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Watkinson Claims First Major Win with WSOP Pot Limit Omaha Title

12 July 2006

Lee Watkinson will finally be remembered, at least for reasons he wants others to recall.

Watkinson claimed the 2006 World Series of Poker (WSOP) Event #16 $10,000 Pot Limit Omaha title late Tuesday night, earning his first WSOP bracelet and his first major tournament victory. First place paid $655,746.

"Nobody remembers second place," Watkinson said after winning the title.

On the contrary, much like Phil Mickelson before his breakthrough win at the 2004 Masters, Watkinson was well known for coming close but never closing the deal in major tournaments. At the 2004 WSOP, he finished second to Ted Lawson in the $5,000 Pot Limit Omaha event, and in a one month period later that year, he was second at two World Poker Tour events.

"It's a relief," Watkinson said. "It's nice to know that I can (win a tournament)."

Watkinson started the day in fourth chip position and moved into a huge chip lead after catching a four-outer on the river to double up through Jani Vilmunen, who started the day as the chip leader.

From there he was on cruise control, easily finding his way through the field to face Mike Guttmann heads up for the title.

For a player known for his second place finishes, Watkinson's heads-up play was a clinic on how to clinch a touranment. Watkinson took control of the match early, putting constant pressure on Guttman and taking small- and medium-sized pots at nearly every opportunity.

After starting heads up play with a 3-1 chip advantage, Watkinson seemed poised to take the title when Guttman went all in with 9-8-7-3 vs. Watkinson's K-K-10-8, but Guttman hit a flush on the river to double up and nearly even the match.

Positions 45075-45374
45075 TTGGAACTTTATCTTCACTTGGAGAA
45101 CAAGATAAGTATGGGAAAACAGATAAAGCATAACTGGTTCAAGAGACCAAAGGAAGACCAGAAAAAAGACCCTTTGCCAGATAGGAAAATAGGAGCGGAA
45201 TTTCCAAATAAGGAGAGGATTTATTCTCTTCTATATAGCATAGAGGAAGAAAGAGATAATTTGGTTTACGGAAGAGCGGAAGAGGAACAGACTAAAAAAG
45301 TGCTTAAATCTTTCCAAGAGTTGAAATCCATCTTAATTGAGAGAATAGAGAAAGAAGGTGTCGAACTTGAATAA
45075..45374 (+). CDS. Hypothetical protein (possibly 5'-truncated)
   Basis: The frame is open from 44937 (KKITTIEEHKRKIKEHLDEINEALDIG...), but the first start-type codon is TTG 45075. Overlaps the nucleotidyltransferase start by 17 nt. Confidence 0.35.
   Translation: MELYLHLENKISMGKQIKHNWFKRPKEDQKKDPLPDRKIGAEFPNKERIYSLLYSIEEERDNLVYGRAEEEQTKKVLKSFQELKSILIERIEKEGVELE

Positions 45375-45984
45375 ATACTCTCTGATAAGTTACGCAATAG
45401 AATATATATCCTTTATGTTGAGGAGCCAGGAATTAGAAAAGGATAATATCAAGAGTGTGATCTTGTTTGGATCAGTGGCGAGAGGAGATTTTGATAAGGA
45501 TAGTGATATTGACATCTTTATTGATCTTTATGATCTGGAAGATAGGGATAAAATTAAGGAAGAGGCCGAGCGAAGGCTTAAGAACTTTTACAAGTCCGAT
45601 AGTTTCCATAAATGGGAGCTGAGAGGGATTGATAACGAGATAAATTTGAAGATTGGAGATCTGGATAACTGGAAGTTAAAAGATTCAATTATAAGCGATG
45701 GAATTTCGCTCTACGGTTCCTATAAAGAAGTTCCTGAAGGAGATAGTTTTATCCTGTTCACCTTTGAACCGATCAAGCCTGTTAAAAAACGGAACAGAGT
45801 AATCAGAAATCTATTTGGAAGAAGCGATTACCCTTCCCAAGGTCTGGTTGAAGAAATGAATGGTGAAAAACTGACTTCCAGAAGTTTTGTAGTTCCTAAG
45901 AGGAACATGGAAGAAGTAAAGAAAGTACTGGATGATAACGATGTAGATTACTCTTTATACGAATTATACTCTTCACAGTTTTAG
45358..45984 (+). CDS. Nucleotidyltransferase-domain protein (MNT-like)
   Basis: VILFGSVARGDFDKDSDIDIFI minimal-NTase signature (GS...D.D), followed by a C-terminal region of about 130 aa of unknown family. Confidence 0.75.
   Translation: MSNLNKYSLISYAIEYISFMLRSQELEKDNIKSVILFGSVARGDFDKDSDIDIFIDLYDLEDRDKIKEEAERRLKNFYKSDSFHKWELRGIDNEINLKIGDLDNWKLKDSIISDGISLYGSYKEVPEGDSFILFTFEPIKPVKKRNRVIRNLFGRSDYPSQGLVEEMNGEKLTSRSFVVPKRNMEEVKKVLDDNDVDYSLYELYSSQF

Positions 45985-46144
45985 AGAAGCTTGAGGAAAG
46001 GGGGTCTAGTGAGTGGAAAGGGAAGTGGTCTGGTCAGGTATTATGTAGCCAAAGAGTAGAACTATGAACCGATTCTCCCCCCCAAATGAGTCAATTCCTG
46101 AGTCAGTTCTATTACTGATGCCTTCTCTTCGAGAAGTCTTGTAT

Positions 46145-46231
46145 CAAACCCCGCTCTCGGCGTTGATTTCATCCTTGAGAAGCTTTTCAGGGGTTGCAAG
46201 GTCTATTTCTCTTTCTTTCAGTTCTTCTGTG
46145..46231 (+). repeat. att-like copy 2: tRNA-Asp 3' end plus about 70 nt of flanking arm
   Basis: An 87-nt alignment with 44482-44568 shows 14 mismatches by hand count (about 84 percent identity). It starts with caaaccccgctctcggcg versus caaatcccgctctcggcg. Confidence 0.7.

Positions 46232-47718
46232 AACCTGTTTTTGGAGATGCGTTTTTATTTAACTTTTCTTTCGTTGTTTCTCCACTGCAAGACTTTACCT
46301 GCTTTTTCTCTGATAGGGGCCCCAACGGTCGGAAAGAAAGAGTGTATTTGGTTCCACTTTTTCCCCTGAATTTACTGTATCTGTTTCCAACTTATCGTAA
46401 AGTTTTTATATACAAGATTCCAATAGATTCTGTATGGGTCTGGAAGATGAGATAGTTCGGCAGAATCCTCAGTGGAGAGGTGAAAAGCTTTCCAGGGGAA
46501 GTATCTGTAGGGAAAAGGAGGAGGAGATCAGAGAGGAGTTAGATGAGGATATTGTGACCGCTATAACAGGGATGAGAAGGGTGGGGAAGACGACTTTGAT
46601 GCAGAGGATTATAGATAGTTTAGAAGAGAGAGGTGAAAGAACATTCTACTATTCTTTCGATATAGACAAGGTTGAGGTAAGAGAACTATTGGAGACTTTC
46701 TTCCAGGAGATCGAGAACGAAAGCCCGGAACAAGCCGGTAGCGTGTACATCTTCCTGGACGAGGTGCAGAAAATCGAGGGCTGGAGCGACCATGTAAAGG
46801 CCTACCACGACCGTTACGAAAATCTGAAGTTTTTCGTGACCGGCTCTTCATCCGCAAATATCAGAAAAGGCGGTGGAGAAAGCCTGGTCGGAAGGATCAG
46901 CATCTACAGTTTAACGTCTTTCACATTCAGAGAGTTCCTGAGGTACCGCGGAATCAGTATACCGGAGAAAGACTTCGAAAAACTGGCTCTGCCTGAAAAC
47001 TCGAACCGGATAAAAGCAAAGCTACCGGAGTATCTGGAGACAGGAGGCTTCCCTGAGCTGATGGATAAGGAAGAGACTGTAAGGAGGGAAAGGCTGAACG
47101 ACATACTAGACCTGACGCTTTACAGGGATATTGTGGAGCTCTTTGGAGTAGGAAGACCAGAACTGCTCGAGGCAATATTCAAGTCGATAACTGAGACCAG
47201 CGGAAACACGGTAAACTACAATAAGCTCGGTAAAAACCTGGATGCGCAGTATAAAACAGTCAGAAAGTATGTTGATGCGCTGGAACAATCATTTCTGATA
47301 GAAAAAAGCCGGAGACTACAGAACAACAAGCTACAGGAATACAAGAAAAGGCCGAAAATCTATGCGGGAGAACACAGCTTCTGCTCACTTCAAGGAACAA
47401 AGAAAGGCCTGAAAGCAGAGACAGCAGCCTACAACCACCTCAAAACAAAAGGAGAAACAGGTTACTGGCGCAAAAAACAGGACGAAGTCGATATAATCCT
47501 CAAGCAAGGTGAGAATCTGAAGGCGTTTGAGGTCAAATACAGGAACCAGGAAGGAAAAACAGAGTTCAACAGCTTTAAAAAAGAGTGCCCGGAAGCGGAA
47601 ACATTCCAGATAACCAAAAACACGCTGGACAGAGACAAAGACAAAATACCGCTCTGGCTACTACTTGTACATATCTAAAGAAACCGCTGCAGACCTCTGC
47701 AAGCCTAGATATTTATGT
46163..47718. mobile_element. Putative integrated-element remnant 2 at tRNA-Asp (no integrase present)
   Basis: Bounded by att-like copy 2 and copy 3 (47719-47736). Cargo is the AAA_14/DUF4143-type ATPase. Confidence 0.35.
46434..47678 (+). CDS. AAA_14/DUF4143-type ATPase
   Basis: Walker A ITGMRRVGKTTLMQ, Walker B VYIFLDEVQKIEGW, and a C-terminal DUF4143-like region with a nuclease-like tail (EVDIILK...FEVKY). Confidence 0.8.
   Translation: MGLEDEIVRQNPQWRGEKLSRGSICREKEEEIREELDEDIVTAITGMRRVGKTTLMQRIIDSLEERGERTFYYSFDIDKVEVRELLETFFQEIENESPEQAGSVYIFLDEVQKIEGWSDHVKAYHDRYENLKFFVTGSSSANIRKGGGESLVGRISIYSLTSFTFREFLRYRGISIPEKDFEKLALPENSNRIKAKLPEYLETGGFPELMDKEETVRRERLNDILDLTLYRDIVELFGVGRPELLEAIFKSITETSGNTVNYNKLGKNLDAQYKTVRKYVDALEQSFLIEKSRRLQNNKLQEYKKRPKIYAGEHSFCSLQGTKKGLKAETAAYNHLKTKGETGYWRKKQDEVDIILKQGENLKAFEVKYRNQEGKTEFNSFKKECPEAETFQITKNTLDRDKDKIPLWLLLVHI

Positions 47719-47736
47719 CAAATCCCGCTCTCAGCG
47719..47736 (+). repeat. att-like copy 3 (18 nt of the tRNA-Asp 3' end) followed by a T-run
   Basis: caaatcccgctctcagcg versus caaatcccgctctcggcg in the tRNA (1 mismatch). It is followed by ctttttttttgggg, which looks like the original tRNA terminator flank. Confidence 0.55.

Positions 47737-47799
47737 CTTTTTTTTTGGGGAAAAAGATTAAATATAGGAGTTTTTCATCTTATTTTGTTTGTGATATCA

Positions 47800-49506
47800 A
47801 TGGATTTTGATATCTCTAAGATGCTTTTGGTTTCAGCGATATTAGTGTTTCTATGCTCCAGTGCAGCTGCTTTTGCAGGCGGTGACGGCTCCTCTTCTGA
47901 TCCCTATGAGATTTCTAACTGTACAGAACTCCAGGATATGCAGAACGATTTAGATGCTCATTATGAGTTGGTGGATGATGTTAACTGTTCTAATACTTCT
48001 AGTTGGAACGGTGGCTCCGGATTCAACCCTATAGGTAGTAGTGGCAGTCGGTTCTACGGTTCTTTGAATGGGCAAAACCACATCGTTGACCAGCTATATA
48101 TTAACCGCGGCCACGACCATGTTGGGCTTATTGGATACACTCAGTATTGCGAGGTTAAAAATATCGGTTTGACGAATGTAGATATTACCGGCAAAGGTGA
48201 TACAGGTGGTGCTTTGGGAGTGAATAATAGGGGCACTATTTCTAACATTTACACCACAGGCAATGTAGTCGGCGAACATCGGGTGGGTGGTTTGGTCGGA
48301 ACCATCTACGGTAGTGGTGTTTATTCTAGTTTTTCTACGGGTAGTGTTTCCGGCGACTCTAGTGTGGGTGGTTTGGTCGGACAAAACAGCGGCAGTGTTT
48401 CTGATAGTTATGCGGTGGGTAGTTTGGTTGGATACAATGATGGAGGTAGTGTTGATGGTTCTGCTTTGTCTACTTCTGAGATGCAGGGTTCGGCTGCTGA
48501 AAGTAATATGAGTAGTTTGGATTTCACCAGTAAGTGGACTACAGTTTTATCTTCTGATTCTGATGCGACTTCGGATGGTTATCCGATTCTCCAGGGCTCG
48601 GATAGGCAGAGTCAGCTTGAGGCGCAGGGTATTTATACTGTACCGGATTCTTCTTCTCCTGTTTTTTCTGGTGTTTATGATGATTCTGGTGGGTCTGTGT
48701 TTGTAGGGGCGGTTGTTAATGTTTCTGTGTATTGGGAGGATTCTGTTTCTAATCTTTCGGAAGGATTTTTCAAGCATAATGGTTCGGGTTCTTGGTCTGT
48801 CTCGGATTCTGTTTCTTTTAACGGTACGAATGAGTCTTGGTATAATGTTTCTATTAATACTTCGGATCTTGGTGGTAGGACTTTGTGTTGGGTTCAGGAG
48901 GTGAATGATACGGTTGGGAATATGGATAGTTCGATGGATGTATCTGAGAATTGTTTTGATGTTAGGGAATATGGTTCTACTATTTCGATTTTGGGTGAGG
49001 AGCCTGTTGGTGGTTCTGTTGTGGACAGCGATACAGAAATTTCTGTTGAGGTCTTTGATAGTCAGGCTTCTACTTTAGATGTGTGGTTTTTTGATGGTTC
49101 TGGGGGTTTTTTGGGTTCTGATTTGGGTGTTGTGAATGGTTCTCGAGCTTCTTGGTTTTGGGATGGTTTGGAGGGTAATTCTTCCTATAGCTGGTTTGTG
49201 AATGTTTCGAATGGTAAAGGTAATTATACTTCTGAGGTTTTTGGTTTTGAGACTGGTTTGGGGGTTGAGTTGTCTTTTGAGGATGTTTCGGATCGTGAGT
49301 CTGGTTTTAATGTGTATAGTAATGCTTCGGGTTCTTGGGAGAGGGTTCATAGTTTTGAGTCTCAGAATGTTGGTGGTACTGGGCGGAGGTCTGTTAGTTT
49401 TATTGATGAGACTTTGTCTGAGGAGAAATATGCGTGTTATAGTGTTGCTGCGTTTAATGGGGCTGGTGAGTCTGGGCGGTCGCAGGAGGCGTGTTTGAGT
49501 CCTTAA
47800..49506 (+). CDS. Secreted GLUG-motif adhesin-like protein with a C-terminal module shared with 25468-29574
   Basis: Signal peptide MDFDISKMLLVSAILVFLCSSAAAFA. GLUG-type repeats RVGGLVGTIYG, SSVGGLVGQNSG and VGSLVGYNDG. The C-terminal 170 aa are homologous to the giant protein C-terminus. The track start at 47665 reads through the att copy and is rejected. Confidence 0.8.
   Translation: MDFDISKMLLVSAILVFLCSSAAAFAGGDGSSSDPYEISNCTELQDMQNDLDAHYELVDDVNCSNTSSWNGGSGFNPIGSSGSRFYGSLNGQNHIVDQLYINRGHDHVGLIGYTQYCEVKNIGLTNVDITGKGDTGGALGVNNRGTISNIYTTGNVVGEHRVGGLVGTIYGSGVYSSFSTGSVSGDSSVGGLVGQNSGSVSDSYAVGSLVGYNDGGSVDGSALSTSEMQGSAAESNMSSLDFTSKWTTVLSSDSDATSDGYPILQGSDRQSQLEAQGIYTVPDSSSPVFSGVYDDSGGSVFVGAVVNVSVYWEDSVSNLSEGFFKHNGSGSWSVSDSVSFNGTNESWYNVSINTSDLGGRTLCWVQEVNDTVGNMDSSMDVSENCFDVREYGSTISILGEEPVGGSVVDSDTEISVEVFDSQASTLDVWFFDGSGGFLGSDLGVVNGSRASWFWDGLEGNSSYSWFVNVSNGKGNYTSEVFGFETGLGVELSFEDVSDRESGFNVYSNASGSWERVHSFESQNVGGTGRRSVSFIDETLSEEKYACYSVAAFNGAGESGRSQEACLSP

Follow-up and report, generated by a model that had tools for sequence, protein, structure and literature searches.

"He didn't really seem to have a lot of play to his game," Watkinson said. "When he did make a play I happened to have Kings, and that's the hand I lost."

After several back and forth hands, Watkinson came back to win 10 consecutive hands, building his chip lead back to where the two started. The tournament ended when Watkinson hit a straight on the turn to beat Guttman's pocket Jacks.

"It was nice to be able to win (a tournament that way)," Watkinson said. "I didn't just win the first big pot. I feel like I earned it in heads up play, even though everyone might feel like I can't play well heads up."

While Watkinson may insist that no one remembers second place, he had become famous for his runner-up finishes. After tonight, Watkinson will be famous for an entirely different reason.


AT OffSuite
In his previous life, Aaron Todd was a sports journalist by day and a poker player by night. He can now be found covering the poker beat for Casino City and making horrendously unsuccessful bluffs in his home game.
Write to Aaron at aarontodd@casinocity.com.
Watkinson Claims First Major Win with WSOP Pot Limit Omaha Title is republished from CasinoVendors.com.
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Best of Aaron Todd
Aaron Todd

Home-game hotshot Aaron Todd was an editor/writer at Casino City for nearly eight years, and is currently the Assistant Director of Athletics for Communications and Marketing at St. Lawrence University, his alma mater. While he is happy to play Texas Hold'em, he'd rather mix it up and play Omaha Hi/Lo, Razz, Deuce-to-Seven Triple Draw, and Badugi.

Aaron Todd

Home-game hotshot Aaron Todd was an editor/writer at Casino City for nearly eight years, and is currently the Assistant Director of Athletics for Communications and Marketing at St. Lawrence University, his alma mater. While he is happy to play Texas Hold'em, he'd rather mix it up and play Omaha Hi/Lo, Razz, Deuce-to-Seven Triple Draw, and Badugi.